“Staying out of drug use when I was a kid didn’t keep me out of trouble. I just didn’t have the excuse that a lot of people I grew up with had because I was a pretty wild child with my group of friends. I feel like that’s how I avoided some sort of crippling addiction. It was being this and knowing that I could still get in trouble and chase the dream of a lawless free childhood without needing to turn to something like that. Music was big with that. The straight edge movement through the hardcore scene when I was a kid (helped). I’m not straight edge anymore but I was pretty much my whole life. So through that I definitely stayed out of trouble. I put my energy into music. We were worried about touring. We were worried about booking venues, getting shows, writing new material. It doesn’t matter if it sucked. It kept us busy. I found a group of friends outside of my hometown pretty early on so throughout high school I wasn’t with a lot of the people. For the second half of my high school career I was not with people I actually went to school with every day. Most of the people I hung out with were from the lower cape. My best friend grew up in Mashpee. We kind of banded together because it was so few and far between to find people that were playing the same style of music. We all congregated in the juice bar in Orleans or the rec center in Chatham or the sons of Italy in Cotuit. It was always groups from all over the cape. It was never a Sandwich group of friends or anything.”


One of his bands signed with a label and they were given the opportunity to tour the world. This opened his eyes to new experiences and allowed him to have conversations with many people that were from all walks of life. These experiences started to shape his values and look at life and circumstance on a much more macro level.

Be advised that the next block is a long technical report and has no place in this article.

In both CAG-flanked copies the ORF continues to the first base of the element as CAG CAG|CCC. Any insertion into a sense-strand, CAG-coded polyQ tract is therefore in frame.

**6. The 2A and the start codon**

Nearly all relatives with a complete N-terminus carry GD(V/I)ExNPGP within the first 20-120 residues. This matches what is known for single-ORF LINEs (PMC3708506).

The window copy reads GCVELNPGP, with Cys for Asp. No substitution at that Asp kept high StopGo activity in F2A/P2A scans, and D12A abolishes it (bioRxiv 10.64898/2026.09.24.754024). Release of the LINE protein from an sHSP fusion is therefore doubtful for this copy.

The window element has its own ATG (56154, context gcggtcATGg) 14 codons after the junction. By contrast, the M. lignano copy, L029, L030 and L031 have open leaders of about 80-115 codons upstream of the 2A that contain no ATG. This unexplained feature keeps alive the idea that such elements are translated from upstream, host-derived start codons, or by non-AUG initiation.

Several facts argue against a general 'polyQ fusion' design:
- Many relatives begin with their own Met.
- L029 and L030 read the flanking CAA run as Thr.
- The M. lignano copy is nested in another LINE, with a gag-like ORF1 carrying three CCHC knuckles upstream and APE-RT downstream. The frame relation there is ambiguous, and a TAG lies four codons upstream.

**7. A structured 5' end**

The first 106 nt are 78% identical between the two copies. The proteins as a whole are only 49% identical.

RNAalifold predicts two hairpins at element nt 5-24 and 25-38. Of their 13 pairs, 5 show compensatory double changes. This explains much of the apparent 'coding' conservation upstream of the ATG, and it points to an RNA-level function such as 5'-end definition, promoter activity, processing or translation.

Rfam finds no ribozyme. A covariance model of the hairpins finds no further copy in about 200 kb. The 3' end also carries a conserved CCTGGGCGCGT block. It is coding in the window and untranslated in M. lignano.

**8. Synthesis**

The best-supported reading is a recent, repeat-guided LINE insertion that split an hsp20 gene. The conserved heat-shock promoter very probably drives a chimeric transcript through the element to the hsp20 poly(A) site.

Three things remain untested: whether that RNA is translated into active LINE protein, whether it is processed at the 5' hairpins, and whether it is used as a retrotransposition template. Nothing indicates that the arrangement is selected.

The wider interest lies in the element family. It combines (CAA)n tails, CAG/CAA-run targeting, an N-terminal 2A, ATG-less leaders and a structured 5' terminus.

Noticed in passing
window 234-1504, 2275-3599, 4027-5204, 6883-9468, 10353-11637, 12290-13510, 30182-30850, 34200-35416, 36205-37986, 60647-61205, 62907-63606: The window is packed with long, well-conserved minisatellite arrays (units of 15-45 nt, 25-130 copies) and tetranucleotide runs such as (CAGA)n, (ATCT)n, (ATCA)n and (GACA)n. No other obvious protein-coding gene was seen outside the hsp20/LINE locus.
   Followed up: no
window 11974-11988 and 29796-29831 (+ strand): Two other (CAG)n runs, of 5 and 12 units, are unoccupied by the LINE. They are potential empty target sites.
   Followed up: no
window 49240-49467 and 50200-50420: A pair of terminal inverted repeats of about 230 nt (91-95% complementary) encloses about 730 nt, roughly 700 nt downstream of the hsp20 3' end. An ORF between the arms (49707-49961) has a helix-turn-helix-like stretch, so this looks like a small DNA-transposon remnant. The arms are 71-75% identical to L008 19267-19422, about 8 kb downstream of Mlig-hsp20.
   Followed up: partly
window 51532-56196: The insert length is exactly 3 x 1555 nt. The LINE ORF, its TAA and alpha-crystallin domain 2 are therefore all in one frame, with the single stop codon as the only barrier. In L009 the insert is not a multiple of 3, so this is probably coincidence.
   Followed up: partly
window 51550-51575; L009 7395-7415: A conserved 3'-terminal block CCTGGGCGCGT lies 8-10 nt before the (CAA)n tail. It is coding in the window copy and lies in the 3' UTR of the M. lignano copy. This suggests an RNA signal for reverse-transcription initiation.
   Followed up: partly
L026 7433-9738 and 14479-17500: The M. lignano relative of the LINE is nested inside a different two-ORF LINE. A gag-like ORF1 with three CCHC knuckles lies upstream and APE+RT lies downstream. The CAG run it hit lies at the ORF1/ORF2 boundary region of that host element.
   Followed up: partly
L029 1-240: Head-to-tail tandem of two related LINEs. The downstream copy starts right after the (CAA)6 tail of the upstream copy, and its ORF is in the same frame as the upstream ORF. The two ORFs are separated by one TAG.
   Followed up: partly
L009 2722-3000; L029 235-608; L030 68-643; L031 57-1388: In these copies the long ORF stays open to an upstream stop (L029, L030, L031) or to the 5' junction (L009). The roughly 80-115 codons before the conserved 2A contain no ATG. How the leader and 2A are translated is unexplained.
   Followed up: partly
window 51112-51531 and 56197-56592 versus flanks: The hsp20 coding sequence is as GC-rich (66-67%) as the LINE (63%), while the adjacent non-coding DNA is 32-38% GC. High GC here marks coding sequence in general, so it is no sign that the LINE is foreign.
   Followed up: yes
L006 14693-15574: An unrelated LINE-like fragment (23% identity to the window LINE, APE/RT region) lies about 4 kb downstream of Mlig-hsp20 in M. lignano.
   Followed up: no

“I played in Punk bands and hardcore bands from the age of 15. That gave me the opportunity to get off the Cape and tour Europe, tour the states, and head into Canada. It really exposed me to a lot of what happens in the world. A lot of what happens on the Cape isn’t pretend, but it's so easy for people to get caught in what’s happening around here because we are so isolated from everything. That was my big exposure to the real world. I always felt like I was in this race with the people I grew up with that I never got along with. People that I went to school with. They went off to college right away and then they came back four years later with a wife and children and they’re settled back into their spot. I was living out of a van in Budapest and Germany for a month. Seeing things, meeting people. Meeting refugees from war torn countries and all this wild shit. Then I talked to them and they are actually jealous of what I got to experience. I got to see this from the other way around. That was pretty cool.”